The story also loses some steam once Light stops using the Death Note himself. Instead, he passes it on to surrogates who write the names for him. This is because Light is heading up the anti-Kira police taskforce and can't risk getting caught writing the names down. Because the entire story is about the cat and mouse game between Light and L/Mello/Near, his arrogance is supposed to explain his decision to head up the taskforce, but over and over I couldn't help but think how much easier his life would be if he just walked away from pretending to try to catch himself and started using the Death Note to actually try to save the world. Instead, he spends six years in a holding pattern essentially trying to get Near to admit "Light Yagami is not Kira" so he can kill him and say, "Ha, ha, I really was Kira!"

And six years? In the story, the rest of the world comes to accept Kira, crime rates drop, wars end, and people worship Kira like a god, but Light and four other cops spend every day trying to figure out who Kira is so they can arrest him. After six years, none of them gives up? After six years, no one suspects maybe Light isn't as brilliant as they all think he is? I mean they don't have one friggin' lead after six years. It's not like they're "just so close." Not to mention that both L and Near spend most of that time constantly telling the other cops, "I'm pretty sure Light is Kira... I just don't have proof yet."

Overall, when things happen in Death Note they are awesome; when nothing is happening--which is often--it kind of sucks. Though early on you'll convince yourself that the "nothing's happening" scenes are part of the dramatic build up, eventually you'll just come to realize the creators must have needed to stretch a 60 issue story to 105 issues.

4 sarcastic replies:

Lucithana said...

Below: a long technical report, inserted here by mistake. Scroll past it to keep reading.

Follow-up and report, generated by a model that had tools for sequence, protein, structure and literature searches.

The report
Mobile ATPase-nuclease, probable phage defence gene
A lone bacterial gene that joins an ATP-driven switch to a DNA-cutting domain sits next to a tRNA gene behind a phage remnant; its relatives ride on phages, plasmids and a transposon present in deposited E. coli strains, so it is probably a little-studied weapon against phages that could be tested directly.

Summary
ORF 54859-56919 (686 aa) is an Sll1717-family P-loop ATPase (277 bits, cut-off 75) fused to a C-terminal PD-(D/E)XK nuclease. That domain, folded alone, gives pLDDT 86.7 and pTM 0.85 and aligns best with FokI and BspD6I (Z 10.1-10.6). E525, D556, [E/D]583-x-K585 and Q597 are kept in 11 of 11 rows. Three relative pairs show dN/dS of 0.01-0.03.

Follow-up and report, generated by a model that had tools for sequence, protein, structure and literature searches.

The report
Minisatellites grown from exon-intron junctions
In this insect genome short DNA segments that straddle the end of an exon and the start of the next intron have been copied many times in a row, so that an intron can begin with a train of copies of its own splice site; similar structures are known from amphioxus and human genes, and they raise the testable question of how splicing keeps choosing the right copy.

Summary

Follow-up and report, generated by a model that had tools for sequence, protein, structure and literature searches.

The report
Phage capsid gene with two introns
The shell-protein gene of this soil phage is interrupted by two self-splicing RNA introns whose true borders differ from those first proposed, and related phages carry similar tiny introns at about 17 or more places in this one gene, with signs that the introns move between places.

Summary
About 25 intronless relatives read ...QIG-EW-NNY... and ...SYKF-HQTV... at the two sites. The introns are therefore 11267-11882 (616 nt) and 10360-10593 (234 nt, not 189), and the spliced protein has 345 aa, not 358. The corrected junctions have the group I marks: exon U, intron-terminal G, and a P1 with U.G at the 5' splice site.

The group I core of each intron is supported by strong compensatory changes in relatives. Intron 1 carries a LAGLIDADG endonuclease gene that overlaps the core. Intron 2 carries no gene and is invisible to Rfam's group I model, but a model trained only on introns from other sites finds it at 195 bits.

Personally for me the series ended the moment L died. Light/Kira won and that was it. Bringing in Near and Mello felt like something the author did when he realized that there were going to be more books in the series and he'd gone and killed of the antagonist far too soon.

Joe B said...

I liked the idea of the orphanage that raised kids to be super detectives, but I never liked Near remotely as much as L, and Mello was way too weird to identify with. Books 8-11 felt like a chore at times, but the last book was very satisfying. You should watch the 2 live action movies. They change the story quite a bit (no Near and Mello), and are pretty fun.

Jason said...

I had read up until volume 6 before I hit a time where the library couldn't get vol. 7 so I just kinda lost interest. I agree that the book is really awesome for those first few volumes, but it does go from "clever" to "stupid" eventually.

I actually watched the first of the live-action movies last night, and it was OK, the only problem is, Light's arrogance is far more annoying on screen than on the page. You want that little fucker to get caught the whole time, plus, they really don't spend much time building up is goal of saving the world, so he just comes off as a kid on a power trip.

Incidentally, you're right, "Kira" is a Japanese bastardization of the english word "killer".

Jake said...

I can see how Light could easily come off that way, Jason. I wondered how others felt about Light because of that. He's the protagonist, but he's also a mass murderer, so there's a morality question.

I have a friend with whom I've had a debate about "The Shield" since the first season. He watches it waiting to see Vic Mackey get caught; I watch to see Vic Mackey squirm out of whatever trouble he's gotten into. He thinks Vic's actions are inexcusable because he's a cop; I see Vic's actions as a good cop doing what it takes to keep crime down by any means necessary. Both of us can't believe anyone would feel the other way.

I wanted him to read Death Note largely for that reason. The ending, where Light gets him comeuppance is pretty cool (if only it hadn't taken so long to get there and if only Near hadn't been the one to finally catch him), and it made me wonder if "The Shield" will end similarly.